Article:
Cruise Ships, Roller Coasters, and Attitudes

Last month, an engine fire disabled the cruise ship Carnival Triumph in the Gulf of Mexico. Almost no electricity, only one working elevator, and worst of all, a handful of working toilets for 4000+ people. Crew members handed out bio-hazard bags to set inside trash cans as ad hoc commodes, then collected them from hallways. Suddenly, the luxury vacation turned into a nightmare for a lot of people, especially those on the lowest floors and those in inside cabins.

No one had any control over their circumstances. They only had control over their attitudes. Some screeched their rage at Carnival, threatening that they would “own” the company after their lawsuits were filed. Others, with grace, remarked that they had a three-day wonderful cruise followed by a four-day camping trip. Some passengers set up a “tent city” on the pool deck, moving their mattresses and bedding to an outdoor location away from the growing stench of human waste. Others left their hopelessly dark cabins to set up their new digs in the now-worthless elevator lobbies.

No one was seriously hurt and everyone made it back safely to the U.S. (the huge ship was towed to Mobile, Alabama).

Now, I am a self-professed “cruise queen.” It’s my favorite kind of vacation, and I’ve been on that ship twice. If I’d been on that cruise, I would have been one of the people most affected by the loss of power, since the handicap accessible room cabins are on a lower floor, and the ship is too big for me to navigate without a scooter—which is useless when the batteries run down and you can’t recharge them, not to mention the elevator problem. So I thought about how choosing one’s attitude makes all the difference in any situation. A lot.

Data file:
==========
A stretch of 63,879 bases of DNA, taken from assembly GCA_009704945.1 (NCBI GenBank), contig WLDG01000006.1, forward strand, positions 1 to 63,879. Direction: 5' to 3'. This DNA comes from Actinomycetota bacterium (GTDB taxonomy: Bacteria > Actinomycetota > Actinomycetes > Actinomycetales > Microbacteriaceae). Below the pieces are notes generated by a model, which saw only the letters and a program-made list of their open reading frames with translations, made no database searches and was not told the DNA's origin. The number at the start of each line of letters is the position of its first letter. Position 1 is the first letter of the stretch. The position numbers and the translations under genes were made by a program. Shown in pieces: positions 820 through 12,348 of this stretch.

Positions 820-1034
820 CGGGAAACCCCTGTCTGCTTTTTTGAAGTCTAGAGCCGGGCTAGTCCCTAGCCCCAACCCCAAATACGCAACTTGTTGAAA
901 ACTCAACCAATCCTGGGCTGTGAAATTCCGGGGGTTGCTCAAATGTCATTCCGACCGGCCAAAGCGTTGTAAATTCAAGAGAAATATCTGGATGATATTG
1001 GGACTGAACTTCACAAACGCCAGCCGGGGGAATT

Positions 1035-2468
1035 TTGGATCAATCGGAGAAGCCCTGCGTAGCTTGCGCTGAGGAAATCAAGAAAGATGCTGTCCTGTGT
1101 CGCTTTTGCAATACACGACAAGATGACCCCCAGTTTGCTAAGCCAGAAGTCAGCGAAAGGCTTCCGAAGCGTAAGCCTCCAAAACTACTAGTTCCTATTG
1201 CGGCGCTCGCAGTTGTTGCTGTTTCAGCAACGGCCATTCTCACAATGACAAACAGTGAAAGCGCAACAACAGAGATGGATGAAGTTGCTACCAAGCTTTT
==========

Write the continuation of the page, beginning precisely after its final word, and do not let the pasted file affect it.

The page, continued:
One of my most vivid memories showed me how true this is.

Before my mother died, I went to Las Vegas with her and my sister for a family wedding. My sister Julie and I decided we wanted to go on the roller coaster at New York, New York. To our surprise, Mom indicated she wanted to go too. I had never seen our mom as a roller coaster kind of person . . .! I sat next to her, with Julie in front of us. It was fine when the lap bar was locked in place, but she looked at me quizzically when the workers secured us in heavy-duty shoulder harnesses.

“Mom,” I asked, “You DO know that this thing goes upside down, right?”

Eyes wide open, she said, “WHAT???!?!

And we were off.

Mom did not have a good time. Every time I looked at her, she had her lips tightly pursed and her eyes narrowed. Julie and I were whooping and hollering with fun, and Mom was miserable. Mom was experiencing the exact same thing we were, but she had a very different attitude about it.

They take your picture while you’re on rides like this, and I asked playfully, “Mom, you want our picture as a souvenir of our trip?” She growled, “NO!” And I laughed. . . and bought it.

Sue and her mom on roller coaster

Attitude is everything!


This blog post originally appeared at on March 18, 2013